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Back to: About the Clinical Center > Departments and Services > Radiology & Imaging Sciences Home > Radiology > Interventional Radiology
Radiology and Imaging Sciences
Interventional Radiology Lab (IR Lab)

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The Interventional Radiology (IR) Laboratory in the Radiology & Imaging Sciences Department is focused on interventional oncology. Our lab focuses on three areas of interest:

  1. "Smart" drug delivery using novel drug and device combinations

  2. Multi-modality image fusion and electromagnetic navigation and CT integrated robotics to implement treatment plans and as a tool for drug discovery

  3. The operating room of the future which combines novel technologies and imaging methods to try to improve minimally invasive, image-guided therapies.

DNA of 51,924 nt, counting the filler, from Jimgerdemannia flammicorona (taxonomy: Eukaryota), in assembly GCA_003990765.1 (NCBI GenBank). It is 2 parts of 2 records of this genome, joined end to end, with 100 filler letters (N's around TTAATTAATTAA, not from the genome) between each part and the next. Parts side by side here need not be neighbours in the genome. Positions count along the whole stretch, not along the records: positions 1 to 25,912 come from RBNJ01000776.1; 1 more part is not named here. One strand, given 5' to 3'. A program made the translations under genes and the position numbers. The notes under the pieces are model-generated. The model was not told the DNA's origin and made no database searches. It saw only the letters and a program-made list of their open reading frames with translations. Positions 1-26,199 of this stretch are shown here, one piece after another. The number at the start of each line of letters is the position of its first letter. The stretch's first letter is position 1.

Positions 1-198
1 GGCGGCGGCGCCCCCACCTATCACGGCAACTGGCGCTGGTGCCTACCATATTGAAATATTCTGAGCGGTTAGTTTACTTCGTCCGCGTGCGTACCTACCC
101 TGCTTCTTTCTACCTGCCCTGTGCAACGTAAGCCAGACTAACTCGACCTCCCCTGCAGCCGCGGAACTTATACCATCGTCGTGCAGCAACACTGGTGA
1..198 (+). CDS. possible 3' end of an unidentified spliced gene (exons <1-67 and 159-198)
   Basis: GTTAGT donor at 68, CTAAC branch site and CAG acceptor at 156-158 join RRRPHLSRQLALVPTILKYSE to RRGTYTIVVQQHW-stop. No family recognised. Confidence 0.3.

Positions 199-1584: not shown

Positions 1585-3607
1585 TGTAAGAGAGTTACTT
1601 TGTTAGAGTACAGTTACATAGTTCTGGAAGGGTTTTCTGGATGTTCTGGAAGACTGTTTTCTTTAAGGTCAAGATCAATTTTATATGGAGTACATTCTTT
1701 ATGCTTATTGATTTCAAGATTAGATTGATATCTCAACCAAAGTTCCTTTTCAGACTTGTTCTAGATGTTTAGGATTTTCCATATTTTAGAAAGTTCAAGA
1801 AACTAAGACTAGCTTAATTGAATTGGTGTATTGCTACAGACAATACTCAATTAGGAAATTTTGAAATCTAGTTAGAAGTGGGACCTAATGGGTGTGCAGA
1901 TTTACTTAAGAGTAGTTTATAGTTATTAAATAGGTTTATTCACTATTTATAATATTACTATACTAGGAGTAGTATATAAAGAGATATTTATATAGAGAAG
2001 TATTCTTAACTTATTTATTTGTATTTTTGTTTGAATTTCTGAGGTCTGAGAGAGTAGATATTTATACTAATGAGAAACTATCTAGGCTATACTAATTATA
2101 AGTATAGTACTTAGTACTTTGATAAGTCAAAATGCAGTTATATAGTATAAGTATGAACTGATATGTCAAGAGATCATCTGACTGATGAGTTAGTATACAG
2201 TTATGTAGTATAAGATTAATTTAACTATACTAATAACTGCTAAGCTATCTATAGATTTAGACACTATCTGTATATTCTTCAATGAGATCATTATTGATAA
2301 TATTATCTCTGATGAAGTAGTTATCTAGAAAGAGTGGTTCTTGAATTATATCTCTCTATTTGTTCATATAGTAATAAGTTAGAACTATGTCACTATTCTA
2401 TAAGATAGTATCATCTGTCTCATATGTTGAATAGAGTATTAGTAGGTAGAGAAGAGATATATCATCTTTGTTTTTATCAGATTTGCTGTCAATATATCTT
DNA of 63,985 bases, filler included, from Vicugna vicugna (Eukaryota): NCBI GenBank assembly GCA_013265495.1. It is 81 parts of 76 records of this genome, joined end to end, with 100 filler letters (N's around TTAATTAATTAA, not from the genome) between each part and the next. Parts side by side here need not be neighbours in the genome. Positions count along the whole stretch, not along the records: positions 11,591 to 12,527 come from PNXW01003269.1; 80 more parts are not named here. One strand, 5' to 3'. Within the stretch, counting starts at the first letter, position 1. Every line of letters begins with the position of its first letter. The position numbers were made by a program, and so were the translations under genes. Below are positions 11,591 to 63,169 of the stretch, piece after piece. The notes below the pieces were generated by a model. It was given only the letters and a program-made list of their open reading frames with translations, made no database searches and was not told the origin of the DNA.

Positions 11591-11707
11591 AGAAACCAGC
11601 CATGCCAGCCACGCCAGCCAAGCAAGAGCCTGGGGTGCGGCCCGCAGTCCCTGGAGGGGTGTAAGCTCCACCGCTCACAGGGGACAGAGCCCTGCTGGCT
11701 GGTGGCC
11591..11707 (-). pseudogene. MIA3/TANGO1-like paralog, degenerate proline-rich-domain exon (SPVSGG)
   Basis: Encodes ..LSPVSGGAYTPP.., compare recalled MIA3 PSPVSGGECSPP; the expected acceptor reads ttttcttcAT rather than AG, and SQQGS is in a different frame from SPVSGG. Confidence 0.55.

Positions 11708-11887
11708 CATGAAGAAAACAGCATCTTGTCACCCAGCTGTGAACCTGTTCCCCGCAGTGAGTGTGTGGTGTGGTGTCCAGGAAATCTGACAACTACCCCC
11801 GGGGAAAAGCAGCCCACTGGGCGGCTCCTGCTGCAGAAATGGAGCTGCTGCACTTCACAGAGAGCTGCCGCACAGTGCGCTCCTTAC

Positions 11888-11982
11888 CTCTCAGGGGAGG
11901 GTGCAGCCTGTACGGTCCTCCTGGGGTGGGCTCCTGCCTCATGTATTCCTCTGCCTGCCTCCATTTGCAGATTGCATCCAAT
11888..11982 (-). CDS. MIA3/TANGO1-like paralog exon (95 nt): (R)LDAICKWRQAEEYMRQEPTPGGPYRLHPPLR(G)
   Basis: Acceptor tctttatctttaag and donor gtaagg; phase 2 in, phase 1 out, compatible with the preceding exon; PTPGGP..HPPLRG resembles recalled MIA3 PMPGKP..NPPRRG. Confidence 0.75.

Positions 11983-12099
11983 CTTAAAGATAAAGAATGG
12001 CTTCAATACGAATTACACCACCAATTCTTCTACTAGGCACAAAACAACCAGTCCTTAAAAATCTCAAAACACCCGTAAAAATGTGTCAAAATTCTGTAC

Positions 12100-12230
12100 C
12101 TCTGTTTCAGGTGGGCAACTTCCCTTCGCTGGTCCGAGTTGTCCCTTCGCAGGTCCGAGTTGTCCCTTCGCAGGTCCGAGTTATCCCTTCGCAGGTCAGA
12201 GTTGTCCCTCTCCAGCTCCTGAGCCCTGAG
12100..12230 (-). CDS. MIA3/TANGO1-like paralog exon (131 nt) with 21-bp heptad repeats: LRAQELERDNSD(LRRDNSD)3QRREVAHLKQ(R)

GPS-like medical positioning system fuses CT
scans to ultrasound pictures for live 
feedback during procedures enabled
by inexpensive plug-in technology

GPS-like medical positioning system fuses CT
scans to ultrasound pictures for live
feedback during procedures enabled
by inexpensive plug-in technology

Research in the Interventional Radiology (IR) lab is motivated by the fact that image-guidance and minimally invasive approaches have revolutionized the management of many common diseases. However, diagnosis and therapy remain distinctly separated from each other in both time and space. We believe that this gap between diagnosis and therapy can be narrowed by minimally invasive image guided therapies and with the application of novel guidance technologies and engineered vectors. All research efforts in the IR lab are developed with a clear translational route to the clinic and address areas of urgent clinical need.

Examples of major research projects include:

  1. Combining temperature sensitive liposomes with RFA or MRI-guided high intensity focus ultrasound (HIFU) for the treatment of solid tumors

  2. Combining anti-angiogenic treatments with radiofrequency ablation (RFA) of solid tumors

  3. Developing imaging methods for targeted drug delivery systems

  4. Combining ablative techniques (RFA or HIFU) with immunotherapy of solid tumors

  5. “Smart” biopsy using electromagnetic navigation to correlate image and tissue for molecular-targeted therapies.


This page last reviewed on 01/21/10



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